And, “The monitoring capability was provided, at least in part, by a joint venture of Siemens AG, the German conglomerate, and Nokia Corp., the Finnish cellphone company, in the second half of 2008, Ben Roome, a spokesman for the joint venture, confirmed.”
The “monitoring center,” installed within the government’s telecom monopoly, was part of a larger contract with Iran that included mobile-phone networking technology, Roome is quoted as saying.
The sale falls under a joint venture called Nokia Siemens Networks, reported last year by Austrian information-technology Web site called Futurezone, says the story:
“The Iranian government had experimented with the equipment for brief periods in recent months, but it had not been used extensively, and therefore its capabilities weren’t fully displayed — until during the recent unrest, the Internet experts interviewed said.”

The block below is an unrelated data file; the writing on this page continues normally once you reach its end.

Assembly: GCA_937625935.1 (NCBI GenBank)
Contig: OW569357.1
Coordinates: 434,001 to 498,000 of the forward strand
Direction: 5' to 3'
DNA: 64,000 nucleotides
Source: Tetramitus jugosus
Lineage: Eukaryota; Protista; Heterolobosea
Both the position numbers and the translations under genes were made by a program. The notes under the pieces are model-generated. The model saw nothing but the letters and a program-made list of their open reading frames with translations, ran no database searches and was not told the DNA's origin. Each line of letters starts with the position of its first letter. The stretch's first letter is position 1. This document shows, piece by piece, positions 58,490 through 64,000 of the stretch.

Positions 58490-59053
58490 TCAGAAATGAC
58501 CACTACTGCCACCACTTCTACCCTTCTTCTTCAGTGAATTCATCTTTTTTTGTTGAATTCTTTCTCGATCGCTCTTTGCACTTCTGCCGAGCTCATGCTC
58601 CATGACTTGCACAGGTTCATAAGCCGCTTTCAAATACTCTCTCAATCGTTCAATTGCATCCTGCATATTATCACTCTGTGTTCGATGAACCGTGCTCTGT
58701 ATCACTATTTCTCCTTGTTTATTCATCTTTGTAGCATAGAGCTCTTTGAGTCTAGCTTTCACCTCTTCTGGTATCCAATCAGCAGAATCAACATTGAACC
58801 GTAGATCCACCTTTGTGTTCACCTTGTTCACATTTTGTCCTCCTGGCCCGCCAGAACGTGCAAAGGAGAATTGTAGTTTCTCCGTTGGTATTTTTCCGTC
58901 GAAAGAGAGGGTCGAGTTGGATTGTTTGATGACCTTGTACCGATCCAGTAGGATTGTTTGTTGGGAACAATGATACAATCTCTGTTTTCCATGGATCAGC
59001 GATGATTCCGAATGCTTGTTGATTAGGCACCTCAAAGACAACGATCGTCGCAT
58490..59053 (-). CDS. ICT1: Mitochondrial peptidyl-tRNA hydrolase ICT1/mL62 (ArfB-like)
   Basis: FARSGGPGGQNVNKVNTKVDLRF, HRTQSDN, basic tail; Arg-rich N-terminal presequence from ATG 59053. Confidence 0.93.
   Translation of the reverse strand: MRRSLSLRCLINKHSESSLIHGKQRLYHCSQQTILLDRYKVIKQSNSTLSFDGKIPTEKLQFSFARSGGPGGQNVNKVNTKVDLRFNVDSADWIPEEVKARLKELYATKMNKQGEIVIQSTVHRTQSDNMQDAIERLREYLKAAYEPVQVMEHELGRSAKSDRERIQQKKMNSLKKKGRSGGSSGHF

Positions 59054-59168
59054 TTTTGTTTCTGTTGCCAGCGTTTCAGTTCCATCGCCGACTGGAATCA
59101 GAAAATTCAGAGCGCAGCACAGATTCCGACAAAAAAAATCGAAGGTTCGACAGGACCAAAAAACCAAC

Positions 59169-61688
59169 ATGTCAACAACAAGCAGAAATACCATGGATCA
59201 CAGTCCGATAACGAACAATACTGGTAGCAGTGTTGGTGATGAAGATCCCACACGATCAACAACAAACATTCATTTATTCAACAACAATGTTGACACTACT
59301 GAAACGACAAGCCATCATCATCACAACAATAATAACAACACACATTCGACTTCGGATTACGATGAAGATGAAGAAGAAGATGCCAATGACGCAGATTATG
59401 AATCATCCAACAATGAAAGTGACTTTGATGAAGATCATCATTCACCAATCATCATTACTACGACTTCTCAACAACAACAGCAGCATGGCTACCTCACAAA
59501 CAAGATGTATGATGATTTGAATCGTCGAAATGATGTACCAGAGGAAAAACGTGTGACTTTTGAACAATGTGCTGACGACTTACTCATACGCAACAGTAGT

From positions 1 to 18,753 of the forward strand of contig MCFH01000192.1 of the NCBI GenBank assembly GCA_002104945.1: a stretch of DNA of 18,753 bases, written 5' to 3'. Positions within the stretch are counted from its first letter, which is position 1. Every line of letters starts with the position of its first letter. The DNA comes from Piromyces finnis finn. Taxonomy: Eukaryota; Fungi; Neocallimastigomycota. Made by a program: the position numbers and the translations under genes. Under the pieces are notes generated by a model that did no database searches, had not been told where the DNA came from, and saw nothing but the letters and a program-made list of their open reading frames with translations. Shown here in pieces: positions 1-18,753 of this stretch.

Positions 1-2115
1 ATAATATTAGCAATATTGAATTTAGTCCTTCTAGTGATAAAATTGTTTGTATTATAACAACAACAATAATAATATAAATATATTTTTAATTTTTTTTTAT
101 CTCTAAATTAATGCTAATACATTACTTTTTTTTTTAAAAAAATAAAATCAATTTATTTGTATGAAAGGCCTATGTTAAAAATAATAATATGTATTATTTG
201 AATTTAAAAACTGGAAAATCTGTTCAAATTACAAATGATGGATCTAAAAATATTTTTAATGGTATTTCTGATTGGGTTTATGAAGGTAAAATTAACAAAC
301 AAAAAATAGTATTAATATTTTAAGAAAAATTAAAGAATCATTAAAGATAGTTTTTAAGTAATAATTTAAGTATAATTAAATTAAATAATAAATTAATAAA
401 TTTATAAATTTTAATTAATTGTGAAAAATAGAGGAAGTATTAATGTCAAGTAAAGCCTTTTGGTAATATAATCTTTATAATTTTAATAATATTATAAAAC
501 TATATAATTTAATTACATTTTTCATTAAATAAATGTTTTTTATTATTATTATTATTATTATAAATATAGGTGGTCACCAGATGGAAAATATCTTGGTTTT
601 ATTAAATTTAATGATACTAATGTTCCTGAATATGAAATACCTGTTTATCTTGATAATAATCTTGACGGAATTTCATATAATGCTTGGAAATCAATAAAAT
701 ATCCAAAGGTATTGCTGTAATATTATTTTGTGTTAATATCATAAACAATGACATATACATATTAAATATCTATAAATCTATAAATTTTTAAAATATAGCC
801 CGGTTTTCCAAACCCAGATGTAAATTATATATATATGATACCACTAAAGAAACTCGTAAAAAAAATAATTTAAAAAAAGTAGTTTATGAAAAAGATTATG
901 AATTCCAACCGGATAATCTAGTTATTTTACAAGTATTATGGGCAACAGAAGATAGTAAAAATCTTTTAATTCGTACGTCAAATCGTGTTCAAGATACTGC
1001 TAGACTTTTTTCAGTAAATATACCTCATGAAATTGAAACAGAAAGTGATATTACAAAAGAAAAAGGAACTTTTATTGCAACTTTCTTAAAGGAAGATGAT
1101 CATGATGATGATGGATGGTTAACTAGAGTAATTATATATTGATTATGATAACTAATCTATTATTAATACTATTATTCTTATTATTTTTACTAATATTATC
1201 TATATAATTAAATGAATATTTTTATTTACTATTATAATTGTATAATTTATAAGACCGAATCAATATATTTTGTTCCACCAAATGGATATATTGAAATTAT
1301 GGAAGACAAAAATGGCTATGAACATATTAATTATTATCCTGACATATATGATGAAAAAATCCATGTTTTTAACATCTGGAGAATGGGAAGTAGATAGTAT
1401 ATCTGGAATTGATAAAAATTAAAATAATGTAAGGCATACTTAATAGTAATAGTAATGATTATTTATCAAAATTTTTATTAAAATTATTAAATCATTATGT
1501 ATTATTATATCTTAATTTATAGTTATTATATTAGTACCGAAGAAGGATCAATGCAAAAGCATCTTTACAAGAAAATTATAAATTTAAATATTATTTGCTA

Iran’s use of DPI, “is done for the entire country at a single choke point, according to networking engineers familiar with the country’s system,” says the WSJ, but, “It couldn’t be determined whether the equipment from Nokia Siemens Networks is used specifically for deep packet inspection.
Britain also has a list of blocked sites, and Germany, too, is considering similar measures, says the post, continuing, “In the U.S., the National Security Agency has such capability, which was employed as part of the Bush administration’s ‘Terrorist Surveillance Program.’ A White House official wouldn’t comment on if or how this is being used under the Obama administration”.